Flannel is a durable yet soft work-wear fabric that has been around for
hundreds of years. It was made to insulate people from cold, wet weather
– and its comfort and versatility have made it a classic.
Resourceful Welsh or Scottish people (its exact origins are unknown) created flannel as an inexpensive way to endure the elements. It was made by hand-carding or brushing wool fabrics on both sides. Carding breaks up the individual fibres and pulls them into a tight web for a texture soft enough to be worn against the skin, yet dense enough to retain heat and repel damp conditions.
When mass production made flannel cheap and readily available, it soared in popularity in Europe and the U.S. Soon flannel – particularly in plaid – became the rugged symbol of working men and women.
Twill is one of the most common fabrics in the modern closet, woven for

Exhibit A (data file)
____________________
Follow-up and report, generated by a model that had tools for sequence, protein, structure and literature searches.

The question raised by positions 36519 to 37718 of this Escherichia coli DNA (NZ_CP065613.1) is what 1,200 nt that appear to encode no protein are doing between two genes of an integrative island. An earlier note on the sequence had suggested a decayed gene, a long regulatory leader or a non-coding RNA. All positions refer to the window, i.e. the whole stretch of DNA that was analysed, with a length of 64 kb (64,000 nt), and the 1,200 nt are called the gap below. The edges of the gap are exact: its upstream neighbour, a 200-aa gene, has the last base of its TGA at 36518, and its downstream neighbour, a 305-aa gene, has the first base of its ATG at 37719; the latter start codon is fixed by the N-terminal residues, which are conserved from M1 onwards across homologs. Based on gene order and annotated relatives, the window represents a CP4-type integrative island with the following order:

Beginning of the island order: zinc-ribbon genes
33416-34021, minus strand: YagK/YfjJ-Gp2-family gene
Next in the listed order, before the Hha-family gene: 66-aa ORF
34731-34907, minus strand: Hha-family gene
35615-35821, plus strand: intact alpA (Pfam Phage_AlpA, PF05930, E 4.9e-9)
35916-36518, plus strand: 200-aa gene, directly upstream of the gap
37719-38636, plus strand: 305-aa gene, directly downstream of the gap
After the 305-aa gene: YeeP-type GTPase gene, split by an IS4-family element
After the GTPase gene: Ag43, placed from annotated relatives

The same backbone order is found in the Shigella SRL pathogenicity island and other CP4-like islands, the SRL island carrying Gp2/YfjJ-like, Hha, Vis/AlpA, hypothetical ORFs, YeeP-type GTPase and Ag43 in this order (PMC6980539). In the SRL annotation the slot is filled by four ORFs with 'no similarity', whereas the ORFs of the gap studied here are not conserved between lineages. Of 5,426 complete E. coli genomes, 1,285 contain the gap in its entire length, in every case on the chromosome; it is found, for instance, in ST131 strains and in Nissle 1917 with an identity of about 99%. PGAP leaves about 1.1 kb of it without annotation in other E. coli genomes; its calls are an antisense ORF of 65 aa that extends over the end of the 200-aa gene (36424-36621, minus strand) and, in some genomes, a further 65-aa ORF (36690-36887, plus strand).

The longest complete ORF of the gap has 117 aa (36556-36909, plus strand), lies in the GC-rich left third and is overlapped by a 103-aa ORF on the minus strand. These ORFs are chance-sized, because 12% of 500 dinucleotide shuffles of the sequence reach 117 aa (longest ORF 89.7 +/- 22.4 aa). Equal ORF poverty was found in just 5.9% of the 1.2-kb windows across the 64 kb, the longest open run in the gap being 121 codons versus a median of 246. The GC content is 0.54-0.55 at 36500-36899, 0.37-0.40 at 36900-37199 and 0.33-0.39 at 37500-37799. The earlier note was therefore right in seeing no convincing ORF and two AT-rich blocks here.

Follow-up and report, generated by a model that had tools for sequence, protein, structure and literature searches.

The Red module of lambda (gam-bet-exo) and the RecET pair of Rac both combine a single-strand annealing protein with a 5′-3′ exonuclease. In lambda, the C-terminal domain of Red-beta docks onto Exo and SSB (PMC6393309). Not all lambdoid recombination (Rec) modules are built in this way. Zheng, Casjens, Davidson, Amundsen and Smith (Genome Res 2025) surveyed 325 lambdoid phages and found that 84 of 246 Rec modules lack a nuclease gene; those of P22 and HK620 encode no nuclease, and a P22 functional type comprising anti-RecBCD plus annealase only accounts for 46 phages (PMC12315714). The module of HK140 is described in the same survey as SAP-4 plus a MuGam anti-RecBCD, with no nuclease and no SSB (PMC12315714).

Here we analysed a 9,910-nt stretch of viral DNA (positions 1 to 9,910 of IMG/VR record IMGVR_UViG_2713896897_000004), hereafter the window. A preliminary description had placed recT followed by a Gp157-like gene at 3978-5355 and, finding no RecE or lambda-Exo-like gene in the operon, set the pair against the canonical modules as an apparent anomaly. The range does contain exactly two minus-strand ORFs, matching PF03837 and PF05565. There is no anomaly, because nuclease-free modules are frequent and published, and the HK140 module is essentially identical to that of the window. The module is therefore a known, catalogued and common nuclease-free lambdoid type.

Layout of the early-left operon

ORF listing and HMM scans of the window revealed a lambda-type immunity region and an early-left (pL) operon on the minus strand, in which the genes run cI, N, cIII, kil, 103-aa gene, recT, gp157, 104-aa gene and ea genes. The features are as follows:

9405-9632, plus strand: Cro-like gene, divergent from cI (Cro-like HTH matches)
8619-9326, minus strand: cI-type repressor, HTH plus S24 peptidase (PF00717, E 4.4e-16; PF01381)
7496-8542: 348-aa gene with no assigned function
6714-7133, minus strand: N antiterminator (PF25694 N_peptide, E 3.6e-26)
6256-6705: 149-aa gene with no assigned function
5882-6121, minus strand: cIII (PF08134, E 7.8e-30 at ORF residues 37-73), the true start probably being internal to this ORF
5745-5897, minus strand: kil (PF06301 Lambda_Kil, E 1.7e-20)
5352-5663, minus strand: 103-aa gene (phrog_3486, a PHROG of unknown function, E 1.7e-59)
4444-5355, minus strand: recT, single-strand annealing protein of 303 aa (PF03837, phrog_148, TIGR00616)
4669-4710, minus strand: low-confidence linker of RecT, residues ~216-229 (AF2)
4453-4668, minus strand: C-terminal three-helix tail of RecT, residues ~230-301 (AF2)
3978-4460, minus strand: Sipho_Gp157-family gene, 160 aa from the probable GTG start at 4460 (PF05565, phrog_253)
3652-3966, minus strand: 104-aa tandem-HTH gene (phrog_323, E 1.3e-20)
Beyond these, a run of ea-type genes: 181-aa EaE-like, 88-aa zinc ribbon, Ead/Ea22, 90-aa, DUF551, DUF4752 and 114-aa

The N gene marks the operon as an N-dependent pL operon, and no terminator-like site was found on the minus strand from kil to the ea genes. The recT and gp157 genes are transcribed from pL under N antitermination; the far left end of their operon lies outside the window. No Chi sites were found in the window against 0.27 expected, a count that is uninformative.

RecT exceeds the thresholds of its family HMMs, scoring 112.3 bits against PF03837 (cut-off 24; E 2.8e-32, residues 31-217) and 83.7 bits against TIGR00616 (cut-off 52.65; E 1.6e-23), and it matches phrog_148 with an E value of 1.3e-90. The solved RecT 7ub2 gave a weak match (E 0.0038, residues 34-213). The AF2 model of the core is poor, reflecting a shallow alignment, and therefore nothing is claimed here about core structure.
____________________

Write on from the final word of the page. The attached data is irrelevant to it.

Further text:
everything from denim jeans and chino trousers to dress shirts and
gabardine jackets. Its tell-tale diagonal pattern makes it a rugged,
reliable material for structured garments.
One of three fundamental types of weaves – the other two are plain weave and satin – twill is woven with a ‘step’ that gives it its iconic diagonal appearance. One thread crosses over one or more threads before moving under two or more threads. The pattern is repeated but ‘steps up’ one thread in the weave, creating a staircase effect.
The step construction makes twill wrinkle-resistant and helps it drape well with a softer and more pliable feel. The diagonal texture means that stains are less noticeable than they would be on a smooth surface, making it a solid choice for work wear as well as upholstery.